Corbynmania may or may not enter the Oxford English Dictionary next year. It is a word that strikes fear, loathing and depression in the minds of many ‘progressive’ Labour MPs.
For progressive read whatever you like: right wing? Blairite? Brownie? Everyone wants to claim the title of being progressive and Nicola commandeered, nae owned it, in the General Election. After all, as an adjective all one has to believe in is a sense of going forward. For the youngsters among you, the Progressives in local government in the 1970s and before were Tories by another name.
Enough about that. Jeremy Corbyn kicked off the opening of the Labour UK leader ballot with an outing to Scotland to broadly tell us: you have come thus far and will go no farther. No more devolution. So many former Labour for Yes people started, for the first time in 10 years perhaps, to think and talk about a Corbyn leadership as the symbolic change that the party that deserted them is potentially coming back to its roots.
How those same Scottish socialists must have felt gutted that instead of reaching out to independence-seeking former Labour supporters, he effectively slapped them down. In one sentence their little candle of hope was snuffed out. Forever. Let’s face it, if Corbyn wasn’t going to even talk federalism there isn’t the slightest chance that Burnham, Cooper and Kendall would pick up the baton.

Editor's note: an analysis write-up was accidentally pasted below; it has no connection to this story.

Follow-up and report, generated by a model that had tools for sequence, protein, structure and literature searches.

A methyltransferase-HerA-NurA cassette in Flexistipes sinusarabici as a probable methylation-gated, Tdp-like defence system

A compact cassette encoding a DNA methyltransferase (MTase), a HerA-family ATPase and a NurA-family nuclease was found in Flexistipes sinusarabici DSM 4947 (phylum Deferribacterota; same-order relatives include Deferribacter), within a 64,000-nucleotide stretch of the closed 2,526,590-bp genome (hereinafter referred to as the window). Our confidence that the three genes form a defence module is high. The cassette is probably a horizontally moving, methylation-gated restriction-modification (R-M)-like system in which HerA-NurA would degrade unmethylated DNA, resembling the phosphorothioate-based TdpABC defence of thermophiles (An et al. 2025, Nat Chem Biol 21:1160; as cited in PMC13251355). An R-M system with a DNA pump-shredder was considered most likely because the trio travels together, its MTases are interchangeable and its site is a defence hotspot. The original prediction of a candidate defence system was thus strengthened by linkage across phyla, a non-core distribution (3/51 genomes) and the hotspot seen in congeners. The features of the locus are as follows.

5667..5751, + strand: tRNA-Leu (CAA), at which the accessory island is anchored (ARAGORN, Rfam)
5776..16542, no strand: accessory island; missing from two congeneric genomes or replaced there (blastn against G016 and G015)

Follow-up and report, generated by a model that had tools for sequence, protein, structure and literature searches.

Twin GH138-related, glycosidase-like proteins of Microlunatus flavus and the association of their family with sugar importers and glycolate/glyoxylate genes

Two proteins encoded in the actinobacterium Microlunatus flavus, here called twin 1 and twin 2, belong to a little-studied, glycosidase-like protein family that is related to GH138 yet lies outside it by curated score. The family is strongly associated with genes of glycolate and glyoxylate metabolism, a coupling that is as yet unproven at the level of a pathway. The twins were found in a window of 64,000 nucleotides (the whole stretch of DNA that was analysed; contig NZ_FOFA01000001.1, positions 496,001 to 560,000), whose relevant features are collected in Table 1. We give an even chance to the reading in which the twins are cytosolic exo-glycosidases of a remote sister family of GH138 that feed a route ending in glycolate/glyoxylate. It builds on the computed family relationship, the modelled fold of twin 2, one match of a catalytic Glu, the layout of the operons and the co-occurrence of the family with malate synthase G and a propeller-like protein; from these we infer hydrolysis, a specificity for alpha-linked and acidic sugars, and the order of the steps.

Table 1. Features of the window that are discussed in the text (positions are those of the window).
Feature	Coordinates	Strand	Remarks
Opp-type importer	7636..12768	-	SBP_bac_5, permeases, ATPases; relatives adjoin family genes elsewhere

Corbyn may very well win the Labour leadership. If he does it will be against a maelstrom of Establishment brickbats the like of which hasn’t been seen against a Labour figure since Michael Foot’s donkey jacket appearance at the Cenotaph.
Corbyn may very well agree a platform of radical change including abolition of the House of Lords. I do hope he can lift Labour out of the doldrums and win elections again. But he will be leader of a divided party. And the political obituary will be written will be written in his first week in office. Doomed to fail. It is a sad indictment of the current political environment that such a script can be written now and all we have to do is follow the passage of time to its predicted outcome.
The SNP of course will take the blame. Your people joined (600,000?) to fix it. You want Corbyn because you know England will always vote Tory in response. It would be amusing if not so sad that the delusions about the impact of the SNP is engineered by Nicola alone and has nothing to do with the paranoia of a nation such as England which is at a loss to understand its own identity and sense of purpose. Grow up.
Whatever England, Wales and Northern Ireland choose for their political leadership is their choice and their choice alone. Frankly it makes very little difference to the growing sense of belief that Scotland can be self-governing. All in good time.